JM: Surely some people find it disheartening if they're only playing to a handful of people, like their girlfriends and a couple of workmates.
CO: We were more on a "we're pioneers" attitude. I remember Diane Spence going through this period where she decided to give up saxophone and play electric violin. We had violin, guitar, Tony Buck playing the drums and somebody else playing percussion. I don't think we had a bass player. Looking back on it now, God that must have been fabulous music; maybe it was terrible, but the idea of going out and doing it was really good. No pop songs, not even an idea that maybe it would get played on Triple J. Fuck that. If I was in a rock band I'd go "Fuck Triple J, I'll play for my own enjoyment", because that's the way I used to feel in those days about things.
JM: Isn't part of the trouble today that people hear Triple J and think that's what music is, that's what you're meant to be playing if you want to be a musician?
CO: They're just part of the system, everybody is, but let's not get into that...
JM: So, none of those gigs was ever recorded? No one ever thought of plugging a cassette into the mixing desk and taking a copy for reference; just to see how it sounded?
CO: Nope, nope. Lenny Bastiaans is the only one who used to do stuff like that, like record gigs, but Lenny and Louis [Burdett] had an on and off relationship, so half the time one wouldn't show up or it'd end up with Louis trying to punch him with his cymbal so to speak, like hitting the cymbal right next to his ear, so it'd just deteriorate into just crap, but that was also part of the flavour of that time too.
Louis Tillett publicity shot.
JM: About that last Paris Green gig I mentioned a while ago,
that was Louis Tillett, Louis Burdett, Dianne Spence, Floyd Vincent on guitar
and I think Raoul was the bass player. The reason I mentioned it was that they
were also flogging off a CD EP that consisted of five songs done in a studio
in about 1986 I think, including a couple that were re-recorded for Louis's
later solo albums.
CO: Jeez I wish I had that. That's actually a pretty good recording I reckon. I know that one. Yeah, that's right, there is that around. It's got "I'm Down" on it. It's probably got that Allen Toussaint song we do, "On Your Way Down". It's all pretty down, I'm down, on your way down... "Parchman Farm", is probably on there.
JM: "Persephone's Dance" is on there. [the actual track listing is: I'm Down, Parchman Farm, Buzzard Luck, Shotgun Blues, Persephone's Dance]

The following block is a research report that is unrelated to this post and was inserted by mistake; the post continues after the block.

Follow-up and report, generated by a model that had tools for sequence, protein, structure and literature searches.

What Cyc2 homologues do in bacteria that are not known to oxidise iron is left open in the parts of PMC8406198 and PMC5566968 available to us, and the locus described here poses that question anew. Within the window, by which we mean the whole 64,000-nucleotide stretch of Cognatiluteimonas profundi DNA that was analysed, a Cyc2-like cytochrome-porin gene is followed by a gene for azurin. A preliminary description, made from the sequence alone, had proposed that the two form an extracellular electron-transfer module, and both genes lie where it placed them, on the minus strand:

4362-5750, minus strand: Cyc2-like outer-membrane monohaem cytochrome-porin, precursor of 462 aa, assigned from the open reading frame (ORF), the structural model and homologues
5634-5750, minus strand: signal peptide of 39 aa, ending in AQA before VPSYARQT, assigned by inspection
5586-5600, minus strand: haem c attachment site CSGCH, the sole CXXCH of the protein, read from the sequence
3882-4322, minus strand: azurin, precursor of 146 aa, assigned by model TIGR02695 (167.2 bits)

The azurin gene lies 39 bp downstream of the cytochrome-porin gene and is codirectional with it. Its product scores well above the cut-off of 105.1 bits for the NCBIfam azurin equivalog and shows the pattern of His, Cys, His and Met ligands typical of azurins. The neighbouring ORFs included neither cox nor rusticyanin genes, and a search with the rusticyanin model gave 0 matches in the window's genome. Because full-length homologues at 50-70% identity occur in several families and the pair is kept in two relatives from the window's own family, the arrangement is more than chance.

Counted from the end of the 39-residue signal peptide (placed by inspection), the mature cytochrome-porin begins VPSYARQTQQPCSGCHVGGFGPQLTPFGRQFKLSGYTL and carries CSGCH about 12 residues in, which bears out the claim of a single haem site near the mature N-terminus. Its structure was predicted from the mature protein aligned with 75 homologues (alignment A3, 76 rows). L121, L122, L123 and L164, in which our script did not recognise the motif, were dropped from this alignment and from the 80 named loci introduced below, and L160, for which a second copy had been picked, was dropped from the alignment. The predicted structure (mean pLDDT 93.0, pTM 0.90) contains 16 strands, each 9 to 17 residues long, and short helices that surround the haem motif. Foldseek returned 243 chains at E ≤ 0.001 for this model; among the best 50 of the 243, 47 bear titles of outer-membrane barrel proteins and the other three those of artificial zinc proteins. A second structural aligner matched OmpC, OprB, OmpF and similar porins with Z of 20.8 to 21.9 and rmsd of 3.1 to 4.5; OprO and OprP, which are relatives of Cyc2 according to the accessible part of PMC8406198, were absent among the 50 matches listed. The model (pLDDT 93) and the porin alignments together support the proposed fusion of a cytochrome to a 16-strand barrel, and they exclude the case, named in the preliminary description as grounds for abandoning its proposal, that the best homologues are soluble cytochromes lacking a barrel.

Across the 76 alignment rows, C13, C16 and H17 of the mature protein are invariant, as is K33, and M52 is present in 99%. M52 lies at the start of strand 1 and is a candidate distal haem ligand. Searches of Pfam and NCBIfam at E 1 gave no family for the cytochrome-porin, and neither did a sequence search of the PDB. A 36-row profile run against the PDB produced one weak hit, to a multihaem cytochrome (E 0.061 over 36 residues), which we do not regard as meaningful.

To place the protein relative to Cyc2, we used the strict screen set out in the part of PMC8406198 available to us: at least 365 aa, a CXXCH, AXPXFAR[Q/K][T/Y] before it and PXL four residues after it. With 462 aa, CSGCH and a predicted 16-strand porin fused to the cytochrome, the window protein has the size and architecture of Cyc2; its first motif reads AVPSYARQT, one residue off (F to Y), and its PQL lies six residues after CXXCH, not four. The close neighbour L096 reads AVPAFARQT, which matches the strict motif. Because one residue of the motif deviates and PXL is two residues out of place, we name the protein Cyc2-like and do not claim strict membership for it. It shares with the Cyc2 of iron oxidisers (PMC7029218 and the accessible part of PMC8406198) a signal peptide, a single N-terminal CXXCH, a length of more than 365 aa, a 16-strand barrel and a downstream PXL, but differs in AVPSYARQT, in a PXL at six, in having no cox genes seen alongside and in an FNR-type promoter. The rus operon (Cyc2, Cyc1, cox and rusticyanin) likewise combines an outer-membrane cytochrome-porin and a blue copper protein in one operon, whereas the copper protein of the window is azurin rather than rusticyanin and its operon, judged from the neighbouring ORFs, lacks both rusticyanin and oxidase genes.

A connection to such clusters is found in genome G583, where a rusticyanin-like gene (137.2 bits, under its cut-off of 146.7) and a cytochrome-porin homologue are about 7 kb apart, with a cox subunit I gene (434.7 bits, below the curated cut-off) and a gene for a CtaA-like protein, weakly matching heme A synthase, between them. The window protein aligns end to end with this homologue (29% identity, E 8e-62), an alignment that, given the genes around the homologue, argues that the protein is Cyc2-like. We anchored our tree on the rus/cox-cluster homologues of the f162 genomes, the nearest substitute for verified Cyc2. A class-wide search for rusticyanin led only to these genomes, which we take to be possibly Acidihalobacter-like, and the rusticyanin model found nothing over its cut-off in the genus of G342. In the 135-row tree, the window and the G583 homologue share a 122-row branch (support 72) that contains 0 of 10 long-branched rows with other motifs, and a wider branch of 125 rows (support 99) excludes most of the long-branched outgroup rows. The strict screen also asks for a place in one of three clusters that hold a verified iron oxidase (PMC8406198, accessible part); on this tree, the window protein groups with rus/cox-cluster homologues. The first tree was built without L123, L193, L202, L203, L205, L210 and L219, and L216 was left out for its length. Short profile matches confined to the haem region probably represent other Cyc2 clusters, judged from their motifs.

CO: "Persephone's Dance"... yeah, that's a good studio [recording], Diane's really howling on that one; that's a ripper. I've been listening to Alice Coltrane a bit lately. I can't help thinking about Yoko and John and Alice and John and how successful Alice was with holding the flame and how awkward it's been with Yoko. Nothing against Yoko, it's just been awkward for her and both of these men seen as spiritual kind of figures... But anyway, I thought about that because Diane Spence is the only person I know who can capture that Pharaoh Sanders sound. Most of the time, if you can't play like Pharaoh Sanders, it sounds like blech, but somehow he can make it fluid and beautiful and she can do this too.
JM: Yeah, it's a pity she's been keeping a low profile lately. She hasn't been playing around town for a coupe of years.
JM: So you'd moved down to Sydney, you'd met up with Rob Younger, been invited to join the New Christs...
CO: They said, "All we're doing is making this record and going over and doing a tour of Europe. It'll only take six or seven months" and I said, "Yeah, I'll do that".
JM: So was that a full album they were talking about at that time?
CO: No, that's when we did the first singles. We did "The Black Hole" and "Addiction", then the double single with "Dropping Like Flies", "I Swear", all that stuff... It was those recordings; on the strength of that. But Louis [Burdett] quit before we went, which was a shame, but then Nick Fisher joined which was fabulous because he was really good, but the first recording we did with him wasn't very successful. That was the song that Rob and I ended up... it wasn't because of him, it was just that we hadn't settled in as a group. So he came with us overseas, then we did the "Distemper" album, went overseas again, and again and again, then went to Spain...
JM: You toured almost every year.
CO: Yeah, yeah and at the same time I was recording with Louis [Tillett] and going over there with Louis as well and at the same time touring with the Divinyls, to support this music habit. The Divinyls were great actually. Of all the Oz Rock bands, they were great. She [Christina Amphlett] was fabulous, some gigs we did were unreal.